My very first black bear hunt led me to Patten, Maine September 13, 2009. My flight from DFW to Bangor, Maine was a story in itself. Rain delayed my flight from Dallas to Philadelphia 2 1/2 hours and my flight from Philadelphia to Bangor, Maine an hour. The monitor at the airport failed to reflect a gate change therefore I missed my plane. I caught a 9 pm flight out of Philadelphia that arrived in Bangor at 10:30 pm. The rental car attendant hadn't had time to put gas in my car and the seats were covered with white dog hair. Be sure to pray for patience so you are able to stand the test. I left at 11 pm for the North Country Lodge, a 100 mile journey, on interstate 95.
The North Country Lodge is a beautiful log home nestled among tall pines, maples in brilliant fall colors, and the friendliest of people. The Lodge is owned and managed by the Dale Goodman family. The Goodman family has been in the bear hunting business for 25 plus years. Hunters were served three meals a day prepared by Dale's wife Ellie, Marie and their two daughter-in-laws, Holly and Linda Goodman. They waited on us with warm smiles and worked tirelessly to make each meal special.
There were four guides that drove us to our assigned stands each day of our six day hunt: Bert Goodman, Hank Goodman, Don Bryant, and trapper Don Dudley. After lunch each day hunters put on their camouflage clothing, got their rifles, and met their guides at their assigned van. It took about thirty minutes to drive to the vast forest owned by the paper company to hunt. The lodge leases 150 stands spread out through the forest accessed by logging roads. Our guide would walk us into the forest to our stand and bait the bucket while we sat down in our stand. Trapper Don filled the bait bucket with chocolate and secured the lid with a rock. A log is placed on top to help determine the size of the bear who presents itself. If the bears back is above the log he's considered a shooter.
I was armed with my husbands Remington Model 700 30-06 rifle using Hornady 180 grain SST ammo complete with a Simmons scope 2.5 x 10.50MM. Each afternoon while I sat in my ladder stand I prayed and sang hymns in my mind to pass the time. You have to sit motionless as long as five hours each day in order to increase your chances of harvesting a bear.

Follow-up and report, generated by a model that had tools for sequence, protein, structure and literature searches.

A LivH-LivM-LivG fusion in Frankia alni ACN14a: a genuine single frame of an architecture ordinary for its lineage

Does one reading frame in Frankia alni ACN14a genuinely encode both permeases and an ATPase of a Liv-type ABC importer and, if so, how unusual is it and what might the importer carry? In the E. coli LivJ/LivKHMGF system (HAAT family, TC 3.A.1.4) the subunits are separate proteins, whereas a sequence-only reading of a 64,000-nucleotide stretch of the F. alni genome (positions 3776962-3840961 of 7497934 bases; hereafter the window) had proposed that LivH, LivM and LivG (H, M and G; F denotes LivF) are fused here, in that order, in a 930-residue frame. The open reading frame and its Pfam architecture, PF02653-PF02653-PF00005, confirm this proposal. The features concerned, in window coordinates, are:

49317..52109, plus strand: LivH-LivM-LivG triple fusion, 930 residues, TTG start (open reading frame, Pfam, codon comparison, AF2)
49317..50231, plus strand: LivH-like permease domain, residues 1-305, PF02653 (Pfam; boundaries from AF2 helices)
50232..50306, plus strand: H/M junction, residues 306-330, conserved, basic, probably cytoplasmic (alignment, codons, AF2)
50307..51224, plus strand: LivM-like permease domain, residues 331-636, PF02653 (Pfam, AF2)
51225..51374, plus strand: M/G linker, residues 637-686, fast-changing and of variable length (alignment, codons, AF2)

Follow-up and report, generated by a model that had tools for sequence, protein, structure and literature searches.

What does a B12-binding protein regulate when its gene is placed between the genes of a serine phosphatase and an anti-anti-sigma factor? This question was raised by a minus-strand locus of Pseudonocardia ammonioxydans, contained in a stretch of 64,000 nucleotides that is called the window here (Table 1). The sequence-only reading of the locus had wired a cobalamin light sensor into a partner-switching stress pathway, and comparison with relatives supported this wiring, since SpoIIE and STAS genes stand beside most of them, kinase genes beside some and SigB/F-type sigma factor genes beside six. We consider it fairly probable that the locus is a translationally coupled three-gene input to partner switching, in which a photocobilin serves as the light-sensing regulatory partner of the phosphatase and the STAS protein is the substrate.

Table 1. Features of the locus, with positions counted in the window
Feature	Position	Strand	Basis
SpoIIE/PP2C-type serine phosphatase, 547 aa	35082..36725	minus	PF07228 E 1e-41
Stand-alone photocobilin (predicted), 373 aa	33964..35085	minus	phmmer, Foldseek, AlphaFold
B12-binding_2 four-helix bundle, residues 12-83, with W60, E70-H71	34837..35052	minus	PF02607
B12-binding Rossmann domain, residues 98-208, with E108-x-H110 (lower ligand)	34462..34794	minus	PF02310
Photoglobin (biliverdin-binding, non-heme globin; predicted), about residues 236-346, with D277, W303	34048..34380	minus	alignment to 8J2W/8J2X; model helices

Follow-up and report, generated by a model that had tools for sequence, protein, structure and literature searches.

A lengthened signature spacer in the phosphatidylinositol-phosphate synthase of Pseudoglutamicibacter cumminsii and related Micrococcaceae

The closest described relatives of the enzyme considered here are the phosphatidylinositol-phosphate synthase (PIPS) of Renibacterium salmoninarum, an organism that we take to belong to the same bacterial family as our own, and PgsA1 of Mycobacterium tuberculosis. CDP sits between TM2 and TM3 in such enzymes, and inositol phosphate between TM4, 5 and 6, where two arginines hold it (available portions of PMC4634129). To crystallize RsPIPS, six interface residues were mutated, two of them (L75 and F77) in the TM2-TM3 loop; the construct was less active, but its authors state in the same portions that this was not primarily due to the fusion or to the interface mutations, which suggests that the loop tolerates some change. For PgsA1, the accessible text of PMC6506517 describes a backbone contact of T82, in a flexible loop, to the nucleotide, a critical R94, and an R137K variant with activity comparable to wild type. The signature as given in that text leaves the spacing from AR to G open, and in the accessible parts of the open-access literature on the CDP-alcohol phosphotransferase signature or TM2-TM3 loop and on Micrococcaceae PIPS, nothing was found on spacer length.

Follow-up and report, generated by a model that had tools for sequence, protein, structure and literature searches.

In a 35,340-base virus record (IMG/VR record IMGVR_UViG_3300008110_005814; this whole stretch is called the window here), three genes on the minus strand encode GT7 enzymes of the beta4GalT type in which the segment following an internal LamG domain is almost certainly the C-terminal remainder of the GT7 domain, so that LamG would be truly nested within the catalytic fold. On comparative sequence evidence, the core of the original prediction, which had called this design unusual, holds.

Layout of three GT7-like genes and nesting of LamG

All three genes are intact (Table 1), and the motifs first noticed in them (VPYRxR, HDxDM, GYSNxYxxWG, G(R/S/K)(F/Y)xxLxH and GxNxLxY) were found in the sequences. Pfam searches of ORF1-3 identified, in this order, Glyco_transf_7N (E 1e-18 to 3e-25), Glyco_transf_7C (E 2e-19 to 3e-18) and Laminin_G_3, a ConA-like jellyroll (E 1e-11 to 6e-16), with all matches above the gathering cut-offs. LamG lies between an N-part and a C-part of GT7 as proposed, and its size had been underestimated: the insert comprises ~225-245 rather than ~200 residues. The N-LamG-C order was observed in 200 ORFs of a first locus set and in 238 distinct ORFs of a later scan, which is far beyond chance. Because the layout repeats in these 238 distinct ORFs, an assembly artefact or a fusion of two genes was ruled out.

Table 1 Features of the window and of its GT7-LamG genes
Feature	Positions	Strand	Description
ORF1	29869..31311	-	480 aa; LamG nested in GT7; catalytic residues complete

On Monday afternoons hunt the wind seemed to swirl around me from every direction. The only thing I saw were chipmunks scurrying about the bait bucket trying to savor the contents only to be denied.
Tuesday the wind had shifted to out of the Northwest which was in my favor. I walked to my stand alone and found the bait bucket toppled over, proof that a bear had made his presence known. The chipmunks visited the bait bucket again and a woodpecker tried to carve a hole in the tree beside me. Yet no sign of a bear again today.
Wednesday was a picture perfect day with hardly a breeze. I was feeling really good about my hunt that day. My guide trapper Don walked in with me and filled the bait bucket while I sat down in my stand. Don walked to the base of my ladder stand and gave me two thumbs up along with a huge smile. As Don left I dropped two bullets into my rifle and chambered one. I put my rifle on safe and propped it on the rail of my stand. I aimed the rifle right at the bait bucket and began watching intently for a bear to appear. At about 2:58 p.m. I saw a bear standing broadside behind the bait bucket. He was looking right at me! I blinked to make sure that I wasn't dreaming. Yep! There he was! As he turned to look straight ahead I took my rifle off safe. The bear lifted his head up into the air and began to sniff. I placed the crosshairs of the 30-06 on the outstretched neck of the bruin and fired. The bear dropped instantly and I began to sob uncontrollably. I cried tears of joy that I had finally harvested my first black bear and some of sadness for the bear. When I felt it was safe to do so I climbed down from my stand and hurried out of the woods to the logging road. My legs felt like they were made of jelly. I called my husband back home in Texas to tell him the news and I don't know who was more excited. I then called my guide trapper Don and soon all four guides arrived to help load my bear.
The next morning I was presented the prestigious North Country Black Bear Jacket awarded to first time hunters who harvest a bear along with a framed certificate/photo.
I'm so thankful my husband David introduced me to hunting, and that Deborah Wardlaw, director of the Texas State Rifle Association Womens Shooting Sports and the National Rifle Association continue to support women hunters.
I hope this story will encourage at least one woman to become a hunter. Come on Ladies who said only men can hunt? It's time to get out of the house and enjoy the outdoors.